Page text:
Previously, in part I, we highlighted that Matthew’s name appears in 4 lists: Matthew 10:3, Mark 3:18, Luke 6:15 and Acts 1:13. And we posed the question as to whether we could see some differences in the lists.
Did you notice that in three of the four, Matthew is listed with his name only and no descriptor. But in Matthew 10:3 we see: Matthew the tax collector.
Isn’t it interesting that only in the list that Matthew wrote, is this item highlighted?!
Flip back to Matthew 9:9-13 the one other place in the Gospel of Matthew that Matthew mentioned himself.
As Jesus went on from there, He saw a man called Matthew, sitting in the tax collector’s booth; and He said to him, “Follow Me!” And he got up and followed Him. Then it happened that as Jesus was reclining at the table in the house, behold, many tax collectors and sinners came and were dining with Jesus and His disciples. When the Pharisees saw this, they said to His disciples, “Why is your Teacher eating with the tax collectors and sinners?” But when Jesus heard this, He said, “It is not those who are healthy who need a physician, but those who are sick. But go and learn what this means: ‘I desire compassion, and not sacrifice,’ for I did not come to call the righteous, but sinners.”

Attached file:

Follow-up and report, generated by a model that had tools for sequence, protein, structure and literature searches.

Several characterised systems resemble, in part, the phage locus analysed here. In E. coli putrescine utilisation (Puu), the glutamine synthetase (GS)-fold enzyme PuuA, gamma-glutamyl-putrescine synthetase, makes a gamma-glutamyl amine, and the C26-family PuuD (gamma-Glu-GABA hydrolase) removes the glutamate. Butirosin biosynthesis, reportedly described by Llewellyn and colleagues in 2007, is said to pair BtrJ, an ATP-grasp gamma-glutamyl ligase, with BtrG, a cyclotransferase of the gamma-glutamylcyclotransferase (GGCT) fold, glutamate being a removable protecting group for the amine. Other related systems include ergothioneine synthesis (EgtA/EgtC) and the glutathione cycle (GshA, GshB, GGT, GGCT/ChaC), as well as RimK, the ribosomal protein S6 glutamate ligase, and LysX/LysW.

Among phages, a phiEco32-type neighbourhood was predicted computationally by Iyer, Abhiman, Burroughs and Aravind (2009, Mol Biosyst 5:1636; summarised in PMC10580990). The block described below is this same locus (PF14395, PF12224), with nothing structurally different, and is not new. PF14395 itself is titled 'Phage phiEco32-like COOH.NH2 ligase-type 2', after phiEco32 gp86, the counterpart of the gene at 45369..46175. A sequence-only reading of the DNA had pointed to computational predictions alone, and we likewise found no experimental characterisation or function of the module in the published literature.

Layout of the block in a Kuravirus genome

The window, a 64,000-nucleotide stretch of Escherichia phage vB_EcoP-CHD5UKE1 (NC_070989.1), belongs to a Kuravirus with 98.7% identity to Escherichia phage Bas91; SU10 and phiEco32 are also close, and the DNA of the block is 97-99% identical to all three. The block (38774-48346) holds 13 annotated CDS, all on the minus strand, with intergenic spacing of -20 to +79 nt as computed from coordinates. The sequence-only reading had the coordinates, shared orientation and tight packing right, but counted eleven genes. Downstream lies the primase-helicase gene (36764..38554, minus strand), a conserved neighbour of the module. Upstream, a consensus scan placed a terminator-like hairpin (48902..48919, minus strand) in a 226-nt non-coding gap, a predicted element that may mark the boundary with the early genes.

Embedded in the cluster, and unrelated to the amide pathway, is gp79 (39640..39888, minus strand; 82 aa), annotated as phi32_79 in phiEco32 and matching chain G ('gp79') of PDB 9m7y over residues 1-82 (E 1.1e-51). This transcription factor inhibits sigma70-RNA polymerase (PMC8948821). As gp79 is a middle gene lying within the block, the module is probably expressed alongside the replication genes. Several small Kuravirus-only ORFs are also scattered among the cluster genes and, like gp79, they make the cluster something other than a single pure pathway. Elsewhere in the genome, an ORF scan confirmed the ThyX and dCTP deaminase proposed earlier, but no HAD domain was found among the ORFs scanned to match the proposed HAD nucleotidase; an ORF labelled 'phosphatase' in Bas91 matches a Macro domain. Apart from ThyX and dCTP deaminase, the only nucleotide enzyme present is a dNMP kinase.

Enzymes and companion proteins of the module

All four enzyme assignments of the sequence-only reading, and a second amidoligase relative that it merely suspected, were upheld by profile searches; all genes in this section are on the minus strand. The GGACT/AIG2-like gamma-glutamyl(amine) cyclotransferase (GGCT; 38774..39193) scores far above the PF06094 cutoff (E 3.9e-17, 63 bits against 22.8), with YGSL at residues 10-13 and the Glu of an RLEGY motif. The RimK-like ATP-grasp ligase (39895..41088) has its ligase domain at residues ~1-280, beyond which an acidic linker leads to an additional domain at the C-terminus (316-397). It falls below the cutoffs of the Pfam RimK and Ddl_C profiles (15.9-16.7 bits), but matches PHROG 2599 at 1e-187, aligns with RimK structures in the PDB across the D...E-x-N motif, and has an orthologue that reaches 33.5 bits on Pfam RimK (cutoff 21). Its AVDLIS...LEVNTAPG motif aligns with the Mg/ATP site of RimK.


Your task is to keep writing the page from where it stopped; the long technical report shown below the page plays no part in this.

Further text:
What did Matthew feel when he began to follow of Jesus? Though we can’t read Matthew’s mind when he penned the Gospel passages here, but it probably isn’t too much of a stretch to suspect that Matthew had an overwhelming sense of the grace of Jesus in allowing him into the company of his followers. Tax collectors were hated people! Yet, Jesus had the audacity to talk to them and dine with them. This was scandalous! And so Matthew probably felt a mixture of joy and unworthiness. And indeed, isn’t that what grace is: unmerited favor?
And so when Matthew got to writing the episode of the selection of the Twelve, he remembered: Jesus called me to be one of the Twelve, yes me, a wretched hated tax collector.
What do you notice there?
Answers below the artwork.
We find out that Matthew was apparently also known by the name Levi.
We find out the party of “tax collectors and sinners” was at his home.
And we find out that he is the son of Alphaeus which might mean he was the brother of one of the other 12 disciples.
To be continued …